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State Law Commission required: TR Zeliang

By EMN Updated: Nov 14, 2013 1:09 am

Minister for Planning & Coordination TR Zeliang underlined the need for constitution of a State Law Commission in Nagaland for complete review and reformation of state laws. This is necessitated for correcting “our laws” and procedures to suitably incorporate traditions and customs as part of the legal regimen, he said while addressing the 33rd parting social of Kohima Law College (KLC) at the State Academy Hall, Kohima as the chief guest on Wednesday.
Zeliang lamented that despite recognizing the customs of the Naga people, the Constitution of India has no chapter on the principles and values of various customary laws prevalent in the country’s pluralistic society. He underscored that law institutions such as the Kohima Law College must develop a curriculum on customary laws and train youths in the basic postulates of Naga customary law.
“If need be and if it is in overall interest, efforts must be made to steadily codify the customary law for being prescribed as a subject of study in our legal institutions,” he stated.
He observed that this will offer lawyers and law students a platform for continuous research on the subject.
He encouraged the senior students of the college as they pass out from their course of study to become custodians of the Third Estate advocating for the righteousness of the law of the country, to strive and carry justice system forward in truth and spirit.
Making a mention of the special provisions under Article 371A of Indian Constitution, the minister said the Naga people have been given the autonomous power which is unique to the rest of the country. Under this, he said, “we have asserted our customs in regard to women reservation and petroleum and natural gas operations in the state.”
Zeliang, however, expressed dismay that though empowered, the autonomous power is yet to be fully implemented even at this juncture when Nagaland is completing 50 years of statehood.
Zeliang exhorted the law students on the need to be conscious of the basic postulates of the Naga customary law as such is critical to social integrity.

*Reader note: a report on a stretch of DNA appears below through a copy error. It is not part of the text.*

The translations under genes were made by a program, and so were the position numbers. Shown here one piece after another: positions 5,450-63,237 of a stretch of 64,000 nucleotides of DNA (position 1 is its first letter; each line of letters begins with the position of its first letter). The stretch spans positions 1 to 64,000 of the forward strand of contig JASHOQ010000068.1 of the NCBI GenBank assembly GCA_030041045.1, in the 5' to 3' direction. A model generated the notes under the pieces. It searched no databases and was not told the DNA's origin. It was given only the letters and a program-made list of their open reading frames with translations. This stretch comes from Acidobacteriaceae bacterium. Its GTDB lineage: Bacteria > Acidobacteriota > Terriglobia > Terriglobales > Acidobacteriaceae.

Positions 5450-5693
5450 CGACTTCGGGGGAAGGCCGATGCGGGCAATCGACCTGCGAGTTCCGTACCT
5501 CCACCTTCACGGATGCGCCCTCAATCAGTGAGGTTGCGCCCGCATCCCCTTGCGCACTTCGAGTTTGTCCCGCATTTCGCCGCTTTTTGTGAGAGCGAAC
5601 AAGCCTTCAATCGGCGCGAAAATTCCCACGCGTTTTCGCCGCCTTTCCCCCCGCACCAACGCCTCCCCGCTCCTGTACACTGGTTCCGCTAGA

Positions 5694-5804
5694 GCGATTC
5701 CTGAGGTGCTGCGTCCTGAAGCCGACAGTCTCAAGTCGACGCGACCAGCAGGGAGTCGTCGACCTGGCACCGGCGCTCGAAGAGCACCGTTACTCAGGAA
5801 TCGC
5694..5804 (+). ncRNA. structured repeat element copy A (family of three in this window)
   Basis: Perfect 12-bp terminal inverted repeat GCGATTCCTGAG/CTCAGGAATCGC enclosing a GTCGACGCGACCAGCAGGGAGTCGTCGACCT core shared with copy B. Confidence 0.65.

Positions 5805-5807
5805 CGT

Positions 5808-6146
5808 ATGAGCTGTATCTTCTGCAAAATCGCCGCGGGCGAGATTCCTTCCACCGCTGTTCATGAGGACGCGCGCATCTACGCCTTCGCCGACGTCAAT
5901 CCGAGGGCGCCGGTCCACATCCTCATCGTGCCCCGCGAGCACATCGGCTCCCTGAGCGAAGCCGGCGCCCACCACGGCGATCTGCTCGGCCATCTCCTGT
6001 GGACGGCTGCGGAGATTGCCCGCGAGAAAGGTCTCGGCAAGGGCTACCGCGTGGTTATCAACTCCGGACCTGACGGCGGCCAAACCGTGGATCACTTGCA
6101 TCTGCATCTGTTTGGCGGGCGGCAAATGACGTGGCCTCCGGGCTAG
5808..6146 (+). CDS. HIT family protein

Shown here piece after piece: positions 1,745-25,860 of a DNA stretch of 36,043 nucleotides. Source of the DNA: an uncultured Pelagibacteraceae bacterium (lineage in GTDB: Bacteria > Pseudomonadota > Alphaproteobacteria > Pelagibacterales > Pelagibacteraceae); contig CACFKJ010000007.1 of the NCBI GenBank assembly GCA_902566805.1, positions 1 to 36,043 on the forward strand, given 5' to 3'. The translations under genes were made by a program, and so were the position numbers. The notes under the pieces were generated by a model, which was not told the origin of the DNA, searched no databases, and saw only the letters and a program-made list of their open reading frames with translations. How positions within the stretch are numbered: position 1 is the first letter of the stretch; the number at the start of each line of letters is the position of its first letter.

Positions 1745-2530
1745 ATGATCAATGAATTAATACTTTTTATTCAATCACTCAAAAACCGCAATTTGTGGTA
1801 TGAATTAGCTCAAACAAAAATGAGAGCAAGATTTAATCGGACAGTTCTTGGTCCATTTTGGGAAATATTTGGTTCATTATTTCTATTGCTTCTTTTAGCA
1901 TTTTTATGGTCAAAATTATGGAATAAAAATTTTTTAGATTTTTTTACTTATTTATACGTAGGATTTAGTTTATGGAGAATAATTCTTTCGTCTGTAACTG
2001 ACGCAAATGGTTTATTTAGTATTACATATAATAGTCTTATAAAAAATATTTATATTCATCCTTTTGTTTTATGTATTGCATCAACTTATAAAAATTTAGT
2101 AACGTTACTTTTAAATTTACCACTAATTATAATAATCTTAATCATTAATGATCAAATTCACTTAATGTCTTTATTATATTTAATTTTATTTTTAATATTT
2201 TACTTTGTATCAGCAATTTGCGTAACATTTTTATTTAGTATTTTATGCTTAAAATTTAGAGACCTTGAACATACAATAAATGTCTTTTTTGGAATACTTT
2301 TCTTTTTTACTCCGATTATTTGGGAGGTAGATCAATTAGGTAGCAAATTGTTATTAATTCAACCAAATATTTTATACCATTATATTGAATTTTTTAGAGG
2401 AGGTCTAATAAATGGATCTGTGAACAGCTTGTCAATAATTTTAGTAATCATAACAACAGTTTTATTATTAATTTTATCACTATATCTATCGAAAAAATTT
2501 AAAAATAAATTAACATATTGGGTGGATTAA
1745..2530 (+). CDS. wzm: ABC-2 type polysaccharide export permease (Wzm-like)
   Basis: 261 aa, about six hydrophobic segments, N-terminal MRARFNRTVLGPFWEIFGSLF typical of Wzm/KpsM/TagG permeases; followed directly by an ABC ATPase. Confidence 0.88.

Alongside the advantage of the unique history, he pointed out that the absence of a written customary law poses a huge drawback for the Naga people. “Another area of concern is that we do not have a common language,” he added. However, the minister expressed optimism that these demerits can be corrected with collective efforts and assessment by the competence and interpretation of legal practitioners.
In the context of tribal societies such as that of the Naga society, Zeliang observed that more than law, customs play an integral role. “The more modern laws and legal procedures are thrust onto tribal societies, the more the chances of their disintegration,” he said.
He pointed out that students of law must understand the drastic deviation in methods of administration of justice and norms of jurisprudence in a modern legal society and a tribal society as that of the Nagas which is based upon customs.
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Maintaining that customs are the “soul” of tribal societies, the minister asserted that the time has come for all those conscious of reliving the customary order to unite and reignite “the glory of our heritage”.
The minister called upon the law students fraternity not to confine their future aspirations on “government white collared jobs” but to grow and delve into “our customary practices” and strive to protect the rights of the people, upholding the special provisions given to the Naga people by the Constitution of India.
The minister also released KLC magazine on the occasion.
Besides the students and faculty of KLC, eminent figures from state legal fraternity and well wishers, including Parliamentary Secretary for Power Kipili Sangtam also attended the programme.
Others who spoke at the programme included KLC principal Akang Ao, KLC executive council president Wekhrope Marhu, Akhrieu Chusi, Mhonlumo Tsopoe and H. Donyei Phom.

By EMN Updated: Nov 14, 2013 1:09:48 am